This time, it was Manning’s favourite target, Cruz, who thrust the final dagger into the Redskins.

“I kind of threw it high and deep and saw the coverage and was hoping Victor saw it the same way I did,” Manning said. “I didn’t see the ball get caught. I heard the cheer and that was a good sign. I got up in time to see him run into the end zone.”

It was a bitter pill to swallow for RG3, who passed for two touchdowns, 258 yards and ran for 89 more. But his rivalry against Manning is just getting started.

And while his team didn’t come out ahead, The Kid certainly left a strong impression on the defending world champions, who wish he would have been drafted into another division.

“I’m pretty mad at the football gods for putting him in the NFC East,” Giants defensive end Justin Tuck said. “To face that guy twice a year is going to be a headache.

“It’s hard to game plan that guy. He takes away from your enthusiasm for the game when you play a play perfectly and he still has 4.3 speed to make plays. I don’t think there is anybody in the league just like him.”

“If I was going to run an offence and they asked me Vick, Cam Newton or RG3, I’m taking that guy hands down.”

Heady praise for The Kid, even in defeat.

Imagine what they’d be saying about him had the Redskins won?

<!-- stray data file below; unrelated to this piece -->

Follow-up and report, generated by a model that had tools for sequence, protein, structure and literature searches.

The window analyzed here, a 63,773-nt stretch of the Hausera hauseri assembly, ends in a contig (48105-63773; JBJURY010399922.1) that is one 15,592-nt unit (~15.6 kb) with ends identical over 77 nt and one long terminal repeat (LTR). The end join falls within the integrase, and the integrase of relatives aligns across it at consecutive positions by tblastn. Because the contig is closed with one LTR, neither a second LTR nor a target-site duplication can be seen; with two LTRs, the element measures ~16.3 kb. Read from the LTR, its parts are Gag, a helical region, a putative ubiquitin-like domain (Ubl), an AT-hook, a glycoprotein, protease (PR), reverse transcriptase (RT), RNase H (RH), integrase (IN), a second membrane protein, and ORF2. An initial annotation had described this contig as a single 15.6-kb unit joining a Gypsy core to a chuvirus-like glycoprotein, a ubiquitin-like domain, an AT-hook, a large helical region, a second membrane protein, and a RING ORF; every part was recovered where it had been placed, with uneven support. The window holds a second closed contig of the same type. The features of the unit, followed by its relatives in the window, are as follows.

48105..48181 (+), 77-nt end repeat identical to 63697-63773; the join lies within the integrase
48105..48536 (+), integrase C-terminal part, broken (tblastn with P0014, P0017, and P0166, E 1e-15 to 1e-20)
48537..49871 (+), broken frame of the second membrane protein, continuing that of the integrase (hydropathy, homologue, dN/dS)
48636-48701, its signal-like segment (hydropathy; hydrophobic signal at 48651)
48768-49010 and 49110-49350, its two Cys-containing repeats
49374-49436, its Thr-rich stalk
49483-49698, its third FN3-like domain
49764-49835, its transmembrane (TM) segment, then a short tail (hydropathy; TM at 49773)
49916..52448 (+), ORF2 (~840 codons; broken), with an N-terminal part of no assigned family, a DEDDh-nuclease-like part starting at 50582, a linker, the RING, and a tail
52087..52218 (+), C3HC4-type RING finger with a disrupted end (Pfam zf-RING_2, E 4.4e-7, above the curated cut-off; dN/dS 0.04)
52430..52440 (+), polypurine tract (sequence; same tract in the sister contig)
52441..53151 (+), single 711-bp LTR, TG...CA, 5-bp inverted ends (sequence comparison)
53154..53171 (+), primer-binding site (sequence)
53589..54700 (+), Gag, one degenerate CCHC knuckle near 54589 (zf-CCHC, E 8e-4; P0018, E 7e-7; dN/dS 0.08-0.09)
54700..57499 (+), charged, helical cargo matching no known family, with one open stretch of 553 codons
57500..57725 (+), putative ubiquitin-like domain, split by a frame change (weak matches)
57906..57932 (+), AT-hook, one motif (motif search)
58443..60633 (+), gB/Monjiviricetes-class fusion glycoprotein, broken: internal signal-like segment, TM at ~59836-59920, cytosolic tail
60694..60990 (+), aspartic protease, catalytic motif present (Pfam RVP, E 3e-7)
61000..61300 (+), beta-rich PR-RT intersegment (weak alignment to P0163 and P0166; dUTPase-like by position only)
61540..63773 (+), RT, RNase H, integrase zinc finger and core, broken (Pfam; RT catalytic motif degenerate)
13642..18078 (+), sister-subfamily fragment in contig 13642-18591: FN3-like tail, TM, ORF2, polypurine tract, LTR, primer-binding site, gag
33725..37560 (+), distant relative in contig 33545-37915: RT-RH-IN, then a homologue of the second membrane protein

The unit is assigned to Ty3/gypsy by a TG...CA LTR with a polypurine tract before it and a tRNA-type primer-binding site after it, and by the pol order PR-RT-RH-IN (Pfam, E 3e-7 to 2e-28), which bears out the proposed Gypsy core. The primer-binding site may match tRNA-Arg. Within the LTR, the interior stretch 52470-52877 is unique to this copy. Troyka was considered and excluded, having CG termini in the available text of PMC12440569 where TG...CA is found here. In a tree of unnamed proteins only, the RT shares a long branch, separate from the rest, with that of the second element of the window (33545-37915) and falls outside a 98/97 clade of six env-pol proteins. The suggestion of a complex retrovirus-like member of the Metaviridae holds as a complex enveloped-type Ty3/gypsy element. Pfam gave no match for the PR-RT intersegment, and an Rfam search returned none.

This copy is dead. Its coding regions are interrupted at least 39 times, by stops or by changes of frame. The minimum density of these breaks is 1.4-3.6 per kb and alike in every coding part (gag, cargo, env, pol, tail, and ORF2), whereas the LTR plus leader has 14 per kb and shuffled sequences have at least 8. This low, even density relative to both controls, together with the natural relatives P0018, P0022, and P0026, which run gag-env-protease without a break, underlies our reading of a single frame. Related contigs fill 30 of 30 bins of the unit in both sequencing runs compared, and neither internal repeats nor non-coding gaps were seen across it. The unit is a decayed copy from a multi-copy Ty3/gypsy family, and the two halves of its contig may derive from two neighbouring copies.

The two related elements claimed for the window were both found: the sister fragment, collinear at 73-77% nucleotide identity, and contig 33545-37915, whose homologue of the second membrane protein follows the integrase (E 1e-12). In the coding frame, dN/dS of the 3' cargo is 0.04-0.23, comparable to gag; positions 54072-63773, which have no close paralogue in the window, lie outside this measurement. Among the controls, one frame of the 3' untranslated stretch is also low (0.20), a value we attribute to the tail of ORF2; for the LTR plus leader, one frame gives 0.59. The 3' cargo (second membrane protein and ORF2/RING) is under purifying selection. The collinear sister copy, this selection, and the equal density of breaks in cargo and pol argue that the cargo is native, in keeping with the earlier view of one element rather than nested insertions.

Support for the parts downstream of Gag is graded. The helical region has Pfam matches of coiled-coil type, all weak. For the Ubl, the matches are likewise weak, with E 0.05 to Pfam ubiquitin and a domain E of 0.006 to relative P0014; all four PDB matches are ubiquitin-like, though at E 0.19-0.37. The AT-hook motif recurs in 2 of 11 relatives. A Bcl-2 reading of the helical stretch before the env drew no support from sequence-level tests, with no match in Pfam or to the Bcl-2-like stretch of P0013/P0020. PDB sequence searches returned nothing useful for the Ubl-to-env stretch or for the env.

EXTRA POINTS

Redskins tight end Fred Davis tore his left Achilles tendon and is out for the remainder of the season ... According to New Jersey State Police, a man has was hurt after falling more than 20 feet from an escalator as he exited MetLife Stadium after the Giants victory on Sunday. The man was airlifted to Hackensack University Hospital and was in critical condition Sunday night.

 

CHARGERS IN A STICKY SITUATION

Just call it Stickum Gate.

Back in 1981, the NFL banned a product known as Stickum and other similar adhesive substances after seeing the likes of Raiders teammates Fred Biletnikoff and Lester Hayes slather their hands, arms and jerseys with the sticky goo in order to help better control the ball.

Now, 31 years later, the league acknowleged on Sunday that it is investigating a report suggesting the San Diego Chargers allegedly used the banned substance.

According to FoxSports.com., a Chargers’ equipment manager came onto the field with a banned substance on hand towels during Monday night’s game against the Denver Broncos in San Diego.

If the league determines the Chargers used the substance, they could be fined or lose a draft pick.

The story, broken by the website’s Jay Glazer, goes on to say that the equipment manager then refused to allow the towels to be examined by Jeff Bergman, one of the game officials. When Bergman and his fellow zebras then ordered him to empty his pockets, it was revealed that the equipment manager was in possession of clear- or flesh-coloured sticky tape.

Interestingly, the Chargers followed up the allegations with a vanilla statement late Sunday afternoon.

“We are aware of the (NFL’s) inquiry and are co-operating fully with the League,” the statement said.

Hardly a declaration of innocence, is it?